ANDERSON: Yeah, they were a little upset with me. They were angry, thinking I was making fun of one of their most important Hindu Gods. I said I’m sorry, I don’t really know what you’re talking about. Then one of them showed me a picture of Krishna and since then I’ve paid more attention to these things and it is a little spooky, a little strange, but the flute in mythology, Krishna himself is a great seducer in Hindu mythology. He uses his flute to seduce the young female goat herders, apparently with great success. I can’t claim to have the same end result, but then, I don’t run across that many female goat herders.

ACOUSTIC STORM : And when you were a single guy, you were not necessarily in the market for that many female goat herders either, right?

ANDERSON: Not really, no. But I have met for the first time, although she claims I’ve met her before, the famous ‘Cynthia Plaster caster’ a few weeks ago when I was playing in Chicago. She was an infamous groupie of the ‘70s, who famously plaster cast Jimi Hendrix and a few other folks for immortality in Plaster of Paris, which she and her groupie friends would cook up and create these anatomical specimens, currently for sale. Cynthia has recently won her court case to get her plaster casts back from, I think, Frank Zappa’s manager. But she’s got them back now, and you too can buy your own Jimi Hendrix, life-size replica, but not all of him, just the part that stuck out like his guitar, and it’ll cost you a mere $1500 bucks, or so. It’s kind of interesting, poor old Cynthia is back in the business, not that of plaster casting people, but selling the replicas of the originals. She’s actually going to be one of my guests on the ‘Rubbing Elbows’ tour in a few weeks time. So it’ll be interesting to have her onstage and explain, maybe even demonstrate her subtle craft, not on me, I hasten to add, but I’m sure I can find a willing volunteer among the band.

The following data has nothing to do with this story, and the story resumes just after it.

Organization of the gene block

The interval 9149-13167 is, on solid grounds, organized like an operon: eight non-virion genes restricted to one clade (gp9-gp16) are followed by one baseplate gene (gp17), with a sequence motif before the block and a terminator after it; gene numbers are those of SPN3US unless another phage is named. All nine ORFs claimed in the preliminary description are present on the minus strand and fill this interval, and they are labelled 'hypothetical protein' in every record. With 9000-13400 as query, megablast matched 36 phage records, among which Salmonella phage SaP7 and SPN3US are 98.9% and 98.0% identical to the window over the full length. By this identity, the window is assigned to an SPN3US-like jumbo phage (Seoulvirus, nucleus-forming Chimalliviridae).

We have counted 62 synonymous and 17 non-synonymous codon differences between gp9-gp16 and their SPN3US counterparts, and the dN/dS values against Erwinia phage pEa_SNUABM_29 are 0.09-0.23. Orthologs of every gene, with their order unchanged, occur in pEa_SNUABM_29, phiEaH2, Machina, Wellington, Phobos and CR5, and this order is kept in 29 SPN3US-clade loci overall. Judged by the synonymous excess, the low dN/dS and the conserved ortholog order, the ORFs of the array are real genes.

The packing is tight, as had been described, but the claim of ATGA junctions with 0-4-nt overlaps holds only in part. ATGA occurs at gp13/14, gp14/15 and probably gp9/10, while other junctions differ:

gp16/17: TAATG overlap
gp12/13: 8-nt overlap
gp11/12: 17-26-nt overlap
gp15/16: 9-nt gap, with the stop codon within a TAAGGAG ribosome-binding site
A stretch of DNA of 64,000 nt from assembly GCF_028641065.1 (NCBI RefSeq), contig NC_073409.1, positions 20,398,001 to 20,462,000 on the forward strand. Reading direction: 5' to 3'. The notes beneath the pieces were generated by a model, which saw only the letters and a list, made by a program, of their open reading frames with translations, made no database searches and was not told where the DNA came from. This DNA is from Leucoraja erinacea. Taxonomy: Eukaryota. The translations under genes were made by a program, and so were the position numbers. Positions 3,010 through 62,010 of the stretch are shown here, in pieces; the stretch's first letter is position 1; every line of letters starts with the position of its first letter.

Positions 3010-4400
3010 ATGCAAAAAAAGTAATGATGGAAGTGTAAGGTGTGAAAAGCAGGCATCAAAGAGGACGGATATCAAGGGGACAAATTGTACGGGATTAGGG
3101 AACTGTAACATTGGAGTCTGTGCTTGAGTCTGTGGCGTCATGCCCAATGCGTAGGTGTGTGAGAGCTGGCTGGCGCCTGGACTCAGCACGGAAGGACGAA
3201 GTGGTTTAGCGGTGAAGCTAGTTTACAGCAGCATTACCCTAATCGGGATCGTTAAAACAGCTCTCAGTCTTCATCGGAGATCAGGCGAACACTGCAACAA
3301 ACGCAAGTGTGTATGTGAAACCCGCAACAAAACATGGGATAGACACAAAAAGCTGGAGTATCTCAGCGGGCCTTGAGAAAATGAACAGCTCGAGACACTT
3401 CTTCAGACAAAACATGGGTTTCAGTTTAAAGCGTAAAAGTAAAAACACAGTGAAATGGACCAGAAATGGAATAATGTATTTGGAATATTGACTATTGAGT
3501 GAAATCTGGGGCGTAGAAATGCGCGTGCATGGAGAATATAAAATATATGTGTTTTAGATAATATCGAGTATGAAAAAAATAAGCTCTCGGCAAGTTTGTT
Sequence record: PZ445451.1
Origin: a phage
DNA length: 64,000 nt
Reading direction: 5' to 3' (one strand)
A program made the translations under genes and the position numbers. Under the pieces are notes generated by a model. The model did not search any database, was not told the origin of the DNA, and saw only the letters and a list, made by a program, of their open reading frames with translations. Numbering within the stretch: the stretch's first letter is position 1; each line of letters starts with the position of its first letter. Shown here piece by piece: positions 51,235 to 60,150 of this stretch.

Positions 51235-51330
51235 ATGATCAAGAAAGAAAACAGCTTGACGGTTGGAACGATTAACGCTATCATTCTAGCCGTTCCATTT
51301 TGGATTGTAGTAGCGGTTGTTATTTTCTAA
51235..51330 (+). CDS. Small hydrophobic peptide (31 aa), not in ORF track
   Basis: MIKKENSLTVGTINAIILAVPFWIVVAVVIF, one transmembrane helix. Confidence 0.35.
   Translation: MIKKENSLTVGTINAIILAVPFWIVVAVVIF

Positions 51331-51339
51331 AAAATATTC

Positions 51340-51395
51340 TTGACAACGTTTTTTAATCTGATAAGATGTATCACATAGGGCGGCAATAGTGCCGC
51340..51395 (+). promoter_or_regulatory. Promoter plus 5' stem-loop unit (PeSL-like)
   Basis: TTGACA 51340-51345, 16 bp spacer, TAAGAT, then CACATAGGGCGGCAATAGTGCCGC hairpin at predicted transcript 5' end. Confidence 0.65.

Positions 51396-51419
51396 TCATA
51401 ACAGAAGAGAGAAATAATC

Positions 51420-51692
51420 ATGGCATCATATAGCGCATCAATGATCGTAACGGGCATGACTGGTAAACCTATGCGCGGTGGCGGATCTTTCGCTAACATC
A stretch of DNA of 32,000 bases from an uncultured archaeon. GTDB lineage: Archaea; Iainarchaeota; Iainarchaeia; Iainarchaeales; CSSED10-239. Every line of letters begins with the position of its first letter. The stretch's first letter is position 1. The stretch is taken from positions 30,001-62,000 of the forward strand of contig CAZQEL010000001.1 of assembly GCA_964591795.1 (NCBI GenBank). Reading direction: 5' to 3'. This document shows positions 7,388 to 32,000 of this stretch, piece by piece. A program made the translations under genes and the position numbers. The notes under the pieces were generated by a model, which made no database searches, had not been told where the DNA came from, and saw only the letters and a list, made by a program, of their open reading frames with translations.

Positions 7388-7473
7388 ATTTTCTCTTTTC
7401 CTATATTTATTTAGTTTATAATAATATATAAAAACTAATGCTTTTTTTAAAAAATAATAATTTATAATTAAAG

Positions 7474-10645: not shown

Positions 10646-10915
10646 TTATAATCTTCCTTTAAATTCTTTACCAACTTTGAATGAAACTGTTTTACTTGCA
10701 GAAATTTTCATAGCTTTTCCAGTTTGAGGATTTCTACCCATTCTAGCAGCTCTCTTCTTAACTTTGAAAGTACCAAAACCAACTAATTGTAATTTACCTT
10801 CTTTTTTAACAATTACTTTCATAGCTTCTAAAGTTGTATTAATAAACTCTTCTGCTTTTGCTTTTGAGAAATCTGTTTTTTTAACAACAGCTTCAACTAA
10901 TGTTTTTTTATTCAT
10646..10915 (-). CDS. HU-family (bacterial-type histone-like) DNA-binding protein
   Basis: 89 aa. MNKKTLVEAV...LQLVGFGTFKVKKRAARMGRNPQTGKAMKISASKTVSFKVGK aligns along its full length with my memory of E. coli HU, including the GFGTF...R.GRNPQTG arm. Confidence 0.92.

ACOUSTIC STORM: Well, I guess we’re digressing a bit here. Getting back to music, would you mind talking a little about the "Aqualung" album, especially the acoustic tracks, "Mother Goose" for instance, or "Wondering Aloud"? That album is a good example of how you were able to put acoustic tracks in the midst of some powerful electric music.